5 Min Read
TOKYO (Reuters) - A decade ago, Japanese automaker Mitsubishi Motors (7211.T) survived a defect cover-up scandal through a bail-out by other Mitsubishi Group companies. Now, facing uncertainty and potential liabilities from a new scandal, it may be on its own.
Multiple senior officials at Mitsubishi companies said it would be "difficult" for them to help the car maker as they face their own financial squeeze, as well as calls to put shareholder returns above ties with the former Mitsubishi business empire, or "zaibatsu", which was split up into independent companies after the Second World War.
A task force at Bank of Tokyo-Mitsubishi UFJ, the banking arm of Mitsubishi UFJ Financial Group (8306.T) - which persuaded other group firms to rescue Mitsubishi Motors in 2004 - has reconvened in recent days to weigh the possible fallout of the automaker's fuel economy cheating scandal, said a person with direct knowledge of the matter.
The person said other Mitsubishi Group firms seemed reluctant to help, but stressed that Mitsubishi Motors has made no approach for assistance as it doesn't yet know the extent of potential compensation costs and losses in sales and production.
"At the moment, our priority is to cooperate with and disclose the results of ongoing investigations, and we're not in a position to comment on assistance," a spokeswoman for Mitsubishi Motors told Reuters.
Mitsubishi Heavy Industries (7011.T) and Mitsubishi Corp (8058.T), which hold stakes in the car maker and have sales partnerships with it, would want to avoid its collapse, but have shown little interest in helping, the person said.
"If other automakers could absorb it or merge with it, that would be better," said the person, who didn't want to be named as he is not authorized to speak with the media.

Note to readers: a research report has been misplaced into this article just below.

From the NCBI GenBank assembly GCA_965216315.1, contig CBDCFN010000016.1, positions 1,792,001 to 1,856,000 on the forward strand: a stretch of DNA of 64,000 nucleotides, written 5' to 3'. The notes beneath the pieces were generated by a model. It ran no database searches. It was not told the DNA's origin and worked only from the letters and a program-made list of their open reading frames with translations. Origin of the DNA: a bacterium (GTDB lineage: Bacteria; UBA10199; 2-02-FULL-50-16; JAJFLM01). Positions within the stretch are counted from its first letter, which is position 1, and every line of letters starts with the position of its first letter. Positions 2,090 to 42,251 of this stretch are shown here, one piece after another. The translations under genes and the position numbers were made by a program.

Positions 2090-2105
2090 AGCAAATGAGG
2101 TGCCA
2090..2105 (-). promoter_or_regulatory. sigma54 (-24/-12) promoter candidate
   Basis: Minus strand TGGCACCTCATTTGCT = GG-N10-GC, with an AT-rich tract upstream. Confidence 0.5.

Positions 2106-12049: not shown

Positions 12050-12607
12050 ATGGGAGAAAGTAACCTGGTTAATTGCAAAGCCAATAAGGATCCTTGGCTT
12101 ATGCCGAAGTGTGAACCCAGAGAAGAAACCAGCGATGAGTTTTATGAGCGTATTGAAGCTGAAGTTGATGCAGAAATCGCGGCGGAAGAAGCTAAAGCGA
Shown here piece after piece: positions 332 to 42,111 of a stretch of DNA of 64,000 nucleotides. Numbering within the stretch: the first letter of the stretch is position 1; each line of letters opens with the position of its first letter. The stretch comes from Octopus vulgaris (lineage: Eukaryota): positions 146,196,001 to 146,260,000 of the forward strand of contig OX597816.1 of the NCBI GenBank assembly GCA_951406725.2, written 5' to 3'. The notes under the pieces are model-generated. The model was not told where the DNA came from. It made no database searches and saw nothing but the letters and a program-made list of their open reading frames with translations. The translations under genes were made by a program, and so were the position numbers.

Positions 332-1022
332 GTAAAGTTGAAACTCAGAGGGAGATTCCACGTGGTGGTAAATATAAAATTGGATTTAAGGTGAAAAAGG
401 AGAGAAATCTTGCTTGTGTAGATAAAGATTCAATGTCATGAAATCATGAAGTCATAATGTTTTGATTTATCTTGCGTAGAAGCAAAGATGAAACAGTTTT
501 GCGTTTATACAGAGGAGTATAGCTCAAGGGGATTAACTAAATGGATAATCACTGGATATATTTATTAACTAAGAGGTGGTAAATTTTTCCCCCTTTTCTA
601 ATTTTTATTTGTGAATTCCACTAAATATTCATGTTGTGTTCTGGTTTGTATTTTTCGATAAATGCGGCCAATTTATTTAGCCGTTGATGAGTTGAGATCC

Bank of Tokyo-Mitsubishi UFJ and Mitsubishi UFJ Trust and Banking Corp also hold smaller shares in Japan's sixth-largest automaker.
"The investigation into Mitsubishi Motors over its falsified fuel economy data is ongoing, so at this point we cannot decide on whether to offer assistance," said Shunichi Miyanaga, president and CEO of Mitsubishi Heavy, a builder of military aircraft, rail infrastructure and luxury cruise ships. It is the biggest shareholder in Mitsubishi Motors with a 12.6 percent stake, and Miyanaga sits on the automaker's board.
Mitsubishi Motors may face a bill of as much as 104 billion yen ($935.2 million), according to Nomura analyst Masataka Kunugimoto, to compensate drivers, pay back government tax rebates and other payments - assuming a cost of 68,000-166,000 yen ($611-$1,493) per car, times the 625,000 cars affected.
Goldman Sachs estimates a potential cost of up to 200,000 yen per car.
Those numbers could escalate if the scandal widens to cars sold overseas - Mitsubishi sells only around a tenth of its cars in Japan - and if sales are hit by the adverse branding from it manipulating fuel economy test data.
Mitsubishi Heavy cut its annual net profit forecast on Monday to 66 billion yen from an earlier 90 billion yen forecast, and around half of last year's profit, as its cruise ship business grappled with rising costs and construction delays. An executive familiar with the situation at Mitsubishi Heavy said newly adopted corporate governance guidelines meant it and other listed Mitsubishi Group companies were wary of doing anything that could cost their own shareholders.
"Even 10 years ago, the Mitsubishi Heavy shareholder meeting turned disorderly with shareholders opposed to the Mitsubishi Motors bailout. Now, the thinking around governance has evolved even more," the executive said. "Talking about a bailout invites questions about judgment."
Trading group Mitsubishi Corp warned last month of a first annual loss since it was established in 1954, due to writedowns from plunging commodities prices. Yet it is keeping its annual dividend forecast amid pressure for higher shareholder returns. Its president is halving his pay, and all other executives have had their bonuses scrapped.
Shares in Mitsubishi Motors have slumped 45 percent since news of its test cheating broke last Wednesday.
Reporting by Maki Shiraki and Taro Fuse, with additional reporting by Naomi Tajitsu; Writing by Ritsuko Ando; Editing by Ian Geoghegan